By Troy Headrick
I didn’t publish a blog here last week. I kept coming up with possible topics, but none of them felt right for one reason or another. I’m getting better and better at trusting that little voice inside that says, “Wait, Troy, something feels wrong about this. Be patient. You’ll know it—very viscerally—when the right idea presents itself.”
So I waited. And this morning, when driving in to work, the RIGHT IDEA did present itself. And I just knew that I needed to write the post that follows.
I’m a manager. The people I manage—I don’t really have to “manage” them because they don’t need me to tell them what to do and how to be effective—are talented and extraordinarily bright. They are self-starters too. I’m blessed to be working with such people.
I’ve been thinking a lot about what it means to manage people and what good management looks like. These are topics of great important because all of us, at one time or another, will find that we’ve been put in charge of something. We’ll find that we’ve either taken on the role of leader or had that role foisted upon us.
I’ve also been thinking about good management quite a bit lately because I’ve seen plenty of bad management. None of us want to be bad managers. Bad management can actually hurt people, and none of us ever willing wants to do harm.
There is this old way of thinking that goes something like this: Managers have to be strong. They have to run a tight ship. They have to make sure that no one breaks the rules or goofs off. Such thinking is based on several premises, all of which need to be critically scrutinized. First of all, there is only one way that strength can manifest itself. Secondly, those under our management are naturally prone to stray away from the straight and narrow unless we watch them like hawks.
Several years ago, back when I was teaching at the renowned Bilkent University in Ankara, Turkey, I was asked to create an interesting hybrid course with a professor in the Department of Philosophy. As a result, I was given the opportunity to teach some wonderful “Great Books.” One book we taught was On Duties by Cicero.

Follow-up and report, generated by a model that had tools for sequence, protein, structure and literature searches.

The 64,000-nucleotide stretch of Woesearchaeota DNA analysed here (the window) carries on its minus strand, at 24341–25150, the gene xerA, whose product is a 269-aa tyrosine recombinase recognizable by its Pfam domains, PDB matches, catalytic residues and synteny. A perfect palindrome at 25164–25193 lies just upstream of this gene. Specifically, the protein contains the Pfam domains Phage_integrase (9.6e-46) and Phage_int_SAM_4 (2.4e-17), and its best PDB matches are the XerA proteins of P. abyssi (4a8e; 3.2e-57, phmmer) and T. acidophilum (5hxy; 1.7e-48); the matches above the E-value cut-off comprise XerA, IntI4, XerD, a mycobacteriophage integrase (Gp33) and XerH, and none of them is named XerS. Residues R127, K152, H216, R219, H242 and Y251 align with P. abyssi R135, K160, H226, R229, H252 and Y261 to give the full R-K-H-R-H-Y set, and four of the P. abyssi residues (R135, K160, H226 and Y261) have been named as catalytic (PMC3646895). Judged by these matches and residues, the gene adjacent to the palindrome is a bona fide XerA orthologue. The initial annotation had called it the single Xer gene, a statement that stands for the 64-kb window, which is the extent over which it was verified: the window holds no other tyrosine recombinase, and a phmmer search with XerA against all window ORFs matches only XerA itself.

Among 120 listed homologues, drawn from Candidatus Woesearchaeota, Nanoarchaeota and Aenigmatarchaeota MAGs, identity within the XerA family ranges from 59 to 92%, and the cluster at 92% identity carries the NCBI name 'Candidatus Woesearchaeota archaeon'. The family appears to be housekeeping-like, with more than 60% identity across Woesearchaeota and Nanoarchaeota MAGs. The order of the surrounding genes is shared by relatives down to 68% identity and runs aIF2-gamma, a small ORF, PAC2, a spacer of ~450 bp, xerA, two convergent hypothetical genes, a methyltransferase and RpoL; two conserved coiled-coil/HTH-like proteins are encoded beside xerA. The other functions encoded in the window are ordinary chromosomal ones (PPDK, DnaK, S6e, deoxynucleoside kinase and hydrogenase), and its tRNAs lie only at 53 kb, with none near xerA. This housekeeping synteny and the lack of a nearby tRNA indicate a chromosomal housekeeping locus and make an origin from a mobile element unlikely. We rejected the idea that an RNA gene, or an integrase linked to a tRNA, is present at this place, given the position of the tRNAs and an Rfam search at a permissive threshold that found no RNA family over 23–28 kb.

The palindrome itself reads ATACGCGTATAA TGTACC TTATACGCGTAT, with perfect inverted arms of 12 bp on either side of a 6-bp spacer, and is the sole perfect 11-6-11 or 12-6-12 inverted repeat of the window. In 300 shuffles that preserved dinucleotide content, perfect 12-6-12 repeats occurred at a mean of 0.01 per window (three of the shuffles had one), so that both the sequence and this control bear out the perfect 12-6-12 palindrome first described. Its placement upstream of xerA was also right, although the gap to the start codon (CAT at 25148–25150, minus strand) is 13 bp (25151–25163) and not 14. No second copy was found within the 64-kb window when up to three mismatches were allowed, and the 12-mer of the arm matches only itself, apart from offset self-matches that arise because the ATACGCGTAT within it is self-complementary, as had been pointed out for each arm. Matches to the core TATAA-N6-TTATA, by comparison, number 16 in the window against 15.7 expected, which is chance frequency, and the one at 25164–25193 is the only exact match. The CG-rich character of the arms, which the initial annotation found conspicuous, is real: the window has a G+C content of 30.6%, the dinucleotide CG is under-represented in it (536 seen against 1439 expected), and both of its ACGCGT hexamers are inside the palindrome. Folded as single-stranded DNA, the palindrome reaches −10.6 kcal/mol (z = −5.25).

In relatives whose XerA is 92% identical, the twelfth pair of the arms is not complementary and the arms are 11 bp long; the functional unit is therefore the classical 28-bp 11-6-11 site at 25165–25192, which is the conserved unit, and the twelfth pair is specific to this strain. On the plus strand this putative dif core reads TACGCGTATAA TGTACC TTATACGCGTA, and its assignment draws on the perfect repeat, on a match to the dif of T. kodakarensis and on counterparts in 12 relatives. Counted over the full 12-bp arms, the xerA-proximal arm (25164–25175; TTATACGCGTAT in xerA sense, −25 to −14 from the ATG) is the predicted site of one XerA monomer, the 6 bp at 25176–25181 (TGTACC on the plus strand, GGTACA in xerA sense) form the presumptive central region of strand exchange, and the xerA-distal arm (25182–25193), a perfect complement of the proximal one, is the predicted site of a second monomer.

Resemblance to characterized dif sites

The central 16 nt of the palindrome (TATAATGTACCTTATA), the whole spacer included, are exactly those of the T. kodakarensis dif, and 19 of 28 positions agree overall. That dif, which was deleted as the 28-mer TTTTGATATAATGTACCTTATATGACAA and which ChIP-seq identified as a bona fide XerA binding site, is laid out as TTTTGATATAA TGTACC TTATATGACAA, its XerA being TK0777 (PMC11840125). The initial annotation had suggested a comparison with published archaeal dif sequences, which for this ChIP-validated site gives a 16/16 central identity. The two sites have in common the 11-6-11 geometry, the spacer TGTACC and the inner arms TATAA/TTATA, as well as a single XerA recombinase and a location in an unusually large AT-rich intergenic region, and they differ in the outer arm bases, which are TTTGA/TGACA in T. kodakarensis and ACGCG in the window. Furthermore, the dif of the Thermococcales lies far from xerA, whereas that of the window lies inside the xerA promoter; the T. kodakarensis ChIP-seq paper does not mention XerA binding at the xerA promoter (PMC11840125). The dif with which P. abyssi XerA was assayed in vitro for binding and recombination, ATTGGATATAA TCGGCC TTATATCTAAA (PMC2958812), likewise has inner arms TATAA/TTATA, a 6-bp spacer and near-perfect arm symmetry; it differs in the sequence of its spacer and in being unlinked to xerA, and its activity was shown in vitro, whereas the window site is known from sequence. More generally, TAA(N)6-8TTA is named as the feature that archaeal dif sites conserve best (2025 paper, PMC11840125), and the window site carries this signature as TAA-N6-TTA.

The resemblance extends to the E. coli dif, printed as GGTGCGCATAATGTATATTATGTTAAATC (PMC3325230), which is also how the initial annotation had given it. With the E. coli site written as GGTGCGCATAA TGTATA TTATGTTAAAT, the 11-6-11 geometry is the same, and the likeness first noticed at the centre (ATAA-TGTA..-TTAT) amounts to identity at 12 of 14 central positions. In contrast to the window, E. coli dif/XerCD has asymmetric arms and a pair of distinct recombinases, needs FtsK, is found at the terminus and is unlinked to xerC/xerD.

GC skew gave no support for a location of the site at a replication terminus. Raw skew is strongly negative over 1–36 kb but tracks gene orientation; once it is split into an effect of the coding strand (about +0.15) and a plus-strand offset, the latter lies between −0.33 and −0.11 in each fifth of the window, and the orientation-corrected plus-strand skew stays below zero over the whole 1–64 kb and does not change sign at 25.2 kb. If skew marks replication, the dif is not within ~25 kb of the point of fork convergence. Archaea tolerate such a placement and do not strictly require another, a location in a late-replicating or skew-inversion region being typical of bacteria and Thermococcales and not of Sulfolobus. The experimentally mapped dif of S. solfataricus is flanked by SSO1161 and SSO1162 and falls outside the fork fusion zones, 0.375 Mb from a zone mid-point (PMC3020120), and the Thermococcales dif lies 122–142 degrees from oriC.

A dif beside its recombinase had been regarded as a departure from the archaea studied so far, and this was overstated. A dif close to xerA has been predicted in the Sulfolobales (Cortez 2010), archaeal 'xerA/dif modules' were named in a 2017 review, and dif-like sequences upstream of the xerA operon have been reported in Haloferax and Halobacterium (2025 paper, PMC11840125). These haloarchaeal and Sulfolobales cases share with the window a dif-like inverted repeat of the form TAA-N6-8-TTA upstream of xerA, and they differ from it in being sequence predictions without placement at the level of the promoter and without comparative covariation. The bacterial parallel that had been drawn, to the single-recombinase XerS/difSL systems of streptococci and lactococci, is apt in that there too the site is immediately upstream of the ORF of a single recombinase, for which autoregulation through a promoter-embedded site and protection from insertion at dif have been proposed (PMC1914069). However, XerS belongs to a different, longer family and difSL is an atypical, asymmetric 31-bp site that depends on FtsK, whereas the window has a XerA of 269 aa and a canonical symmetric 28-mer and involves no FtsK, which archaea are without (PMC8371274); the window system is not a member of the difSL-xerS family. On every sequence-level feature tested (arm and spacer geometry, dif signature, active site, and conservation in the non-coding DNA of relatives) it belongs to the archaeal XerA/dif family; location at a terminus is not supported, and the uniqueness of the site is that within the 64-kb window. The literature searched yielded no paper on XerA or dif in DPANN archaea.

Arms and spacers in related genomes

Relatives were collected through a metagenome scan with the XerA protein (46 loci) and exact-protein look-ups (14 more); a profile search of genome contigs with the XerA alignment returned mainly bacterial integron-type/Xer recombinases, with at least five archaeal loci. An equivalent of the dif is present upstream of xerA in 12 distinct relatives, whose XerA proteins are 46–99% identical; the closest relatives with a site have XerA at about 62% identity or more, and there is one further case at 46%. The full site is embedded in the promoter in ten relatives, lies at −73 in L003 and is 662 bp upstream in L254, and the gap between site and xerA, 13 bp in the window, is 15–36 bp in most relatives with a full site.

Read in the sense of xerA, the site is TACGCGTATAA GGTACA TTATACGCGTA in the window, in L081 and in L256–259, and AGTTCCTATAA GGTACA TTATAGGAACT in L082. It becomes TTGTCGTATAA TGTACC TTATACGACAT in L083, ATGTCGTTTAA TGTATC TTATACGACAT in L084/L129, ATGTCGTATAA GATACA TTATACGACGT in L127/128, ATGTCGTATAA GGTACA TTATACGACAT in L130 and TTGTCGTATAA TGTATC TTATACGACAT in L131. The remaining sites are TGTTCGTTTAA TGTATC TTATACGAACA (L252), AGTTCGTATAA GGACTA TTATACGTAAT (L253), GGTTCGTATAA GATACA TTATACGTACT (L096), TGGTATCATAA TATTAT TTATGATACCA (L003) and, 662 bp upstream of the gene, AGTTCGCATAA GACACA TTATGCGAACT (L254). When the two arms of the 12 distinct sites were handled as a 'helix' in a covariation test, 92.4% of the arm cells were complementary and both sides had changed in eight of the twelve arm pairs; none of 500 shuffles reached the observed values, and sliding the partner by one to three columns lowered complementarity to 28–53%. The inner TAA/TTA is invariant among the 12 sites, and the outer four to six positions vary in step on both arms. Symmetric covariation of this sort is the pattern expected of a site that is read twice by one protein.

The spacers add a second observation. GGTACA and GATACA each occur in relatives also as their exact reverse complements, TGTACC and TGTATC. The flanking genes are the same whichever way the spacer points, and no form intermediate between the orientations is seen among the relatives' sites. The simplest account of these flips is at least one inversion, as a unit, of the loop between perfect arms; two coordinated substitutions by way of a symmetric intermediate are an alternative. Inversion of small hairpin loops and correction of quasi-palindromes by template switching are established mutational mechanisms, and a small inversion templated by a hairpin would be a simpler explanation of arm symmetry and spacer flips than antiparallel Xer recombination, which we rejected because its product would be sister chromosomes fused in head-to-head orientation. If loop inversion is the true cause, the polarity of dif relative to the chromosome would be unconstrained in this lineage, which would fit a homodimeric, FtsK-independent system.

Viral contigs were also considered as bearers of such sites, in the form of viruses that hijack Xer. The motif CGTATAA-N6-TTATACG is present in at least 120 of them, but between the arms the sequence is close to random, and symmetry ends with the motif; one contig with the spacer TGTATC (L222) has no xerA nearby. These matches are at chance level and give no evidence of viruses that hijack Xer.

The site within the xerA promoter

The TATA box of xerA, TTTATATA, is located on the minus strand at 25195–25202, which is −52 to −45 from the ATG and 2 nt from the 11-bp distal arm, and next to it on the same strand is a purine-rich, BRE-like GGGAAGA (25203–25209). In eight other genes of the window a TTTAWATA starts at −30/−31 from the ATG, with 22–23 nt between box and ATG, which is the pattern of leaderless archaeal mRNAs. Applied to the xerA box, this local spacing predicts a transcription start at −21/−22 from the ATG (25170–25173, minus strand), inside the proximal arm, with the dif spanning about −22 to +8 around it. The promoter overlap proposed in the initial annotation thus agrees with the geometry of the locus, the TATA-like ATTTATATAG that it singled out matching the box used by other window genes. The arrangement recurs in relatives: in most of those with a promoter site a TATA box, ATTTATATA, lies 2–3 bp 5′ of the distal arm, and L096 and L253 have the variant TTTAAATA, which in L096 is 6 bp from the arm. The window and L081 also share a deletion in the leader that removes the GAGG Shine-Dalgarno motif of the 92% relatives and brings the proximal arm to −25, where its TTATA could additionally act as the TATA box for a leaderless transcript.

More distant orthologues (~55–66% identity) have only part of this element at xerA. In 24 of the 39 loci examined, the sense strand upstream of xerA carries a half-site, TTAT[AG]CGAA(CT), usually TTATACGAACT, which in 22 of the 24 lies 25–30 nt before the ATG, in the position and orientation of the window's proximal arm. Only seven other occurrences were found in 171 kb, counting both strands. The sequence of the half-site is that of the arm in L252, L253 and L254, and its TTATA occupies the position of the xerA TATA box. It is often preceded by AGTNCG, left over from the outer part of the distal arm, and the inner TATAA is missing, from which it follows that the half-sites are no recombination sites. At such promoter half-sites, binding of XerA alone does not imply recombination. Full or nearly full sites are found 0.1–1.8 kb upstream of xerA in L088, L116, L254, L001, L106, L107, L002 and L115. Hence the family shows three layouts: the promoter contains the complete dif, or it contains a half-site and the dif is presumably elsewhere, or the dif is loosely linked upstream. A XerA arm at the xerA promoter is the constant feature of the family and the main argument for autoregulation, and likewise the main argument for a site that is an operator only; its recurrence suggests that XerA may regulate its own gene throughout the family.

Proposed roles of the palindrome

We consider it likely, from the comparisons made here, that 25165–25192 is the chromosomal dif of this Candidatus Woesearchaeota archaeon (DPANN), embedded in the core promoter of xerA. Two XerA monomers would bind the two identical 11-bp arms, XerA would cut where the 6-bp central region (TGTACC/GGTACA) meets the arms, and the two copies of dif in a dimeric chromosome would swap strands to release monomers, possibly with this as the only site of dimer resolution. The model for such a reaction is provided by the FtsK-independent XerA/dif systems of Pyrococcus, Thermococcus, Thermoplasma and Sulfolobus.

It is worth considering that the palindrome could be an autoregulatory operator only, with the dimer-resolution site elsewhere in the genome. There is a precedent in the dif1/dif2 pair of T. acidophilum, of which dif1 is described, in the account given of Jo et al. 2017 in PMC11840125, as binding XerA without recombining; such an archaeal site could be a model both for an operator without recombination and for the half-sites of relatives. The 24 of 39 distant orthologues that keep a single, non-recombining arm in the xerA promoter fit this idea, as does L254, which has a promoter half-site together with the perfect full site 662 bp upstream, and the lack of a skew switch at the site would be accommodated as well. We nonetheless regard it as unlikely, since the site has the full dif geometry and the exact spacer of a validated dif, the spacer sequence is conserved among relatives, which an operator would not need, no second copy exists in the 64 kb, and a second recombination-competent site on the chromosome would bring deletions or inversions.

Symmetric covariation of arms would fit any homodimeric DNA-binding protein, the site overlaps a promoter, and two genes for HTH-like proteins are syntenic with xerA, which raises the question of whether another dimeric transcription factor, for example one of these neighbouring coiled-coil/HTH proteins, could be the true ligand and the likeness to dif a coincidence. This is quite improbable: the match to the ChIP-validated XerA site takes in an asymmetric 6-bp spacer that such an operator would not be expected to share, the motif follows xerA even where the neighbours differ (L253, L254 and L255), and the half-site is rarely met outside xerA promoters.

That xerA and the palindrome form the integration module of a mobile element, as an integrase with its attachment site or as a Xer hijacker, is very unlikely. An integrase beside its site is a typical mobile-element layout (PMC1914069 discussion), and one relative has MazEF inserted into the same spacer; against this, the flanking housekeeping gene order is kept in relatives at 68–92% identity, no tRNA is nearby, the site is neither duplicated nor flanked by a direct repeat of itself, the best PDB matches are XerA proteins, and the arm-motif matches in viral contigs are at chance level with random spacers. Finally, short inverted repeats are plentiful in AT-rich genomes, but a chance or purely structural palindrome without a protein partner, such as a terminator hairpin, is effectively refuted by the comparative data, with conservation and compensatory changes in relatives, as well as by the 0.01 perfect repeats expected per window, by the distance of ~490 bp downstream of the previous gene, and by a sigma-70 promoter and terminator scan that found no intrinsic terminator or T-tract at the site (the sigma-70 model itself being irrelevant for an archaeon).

Cicero—a fellow who knew something about managing people and what skillful leadership looks like—said there are two ways to manage and lead. Method one involves the use of fear. A leader can actively work to have those she is managing fear her. This will be effective (for a time), but such a method comes with a risk. The first time such a leader turns her back, she is likely to find a knife stuck into it, which means that the power she thinks she has is really illusory. Method two relies heavily on the use of love and respect. If a manager loves and respects those she is leading, they will follow her anywhere and all the time. Plus, a loving and respectful manager will never have to worry about any sort of uprising. The power such a leader has is absolute without being tyrannical. Such a manager and leader is really omnipotent but not exploitative.
Here’s something we can all take to the bank: We get from others what we give to them. If we distrust others, they will likely distrust us. When we give kindness and respect, we get kindness and respect in return. If we treat people like professionals, they will behave professionally.
Perhaps I’m being too naïve here? What do you think? I look forward to hearing your thoughts.
Troy Headrick’s personal blog can be found here.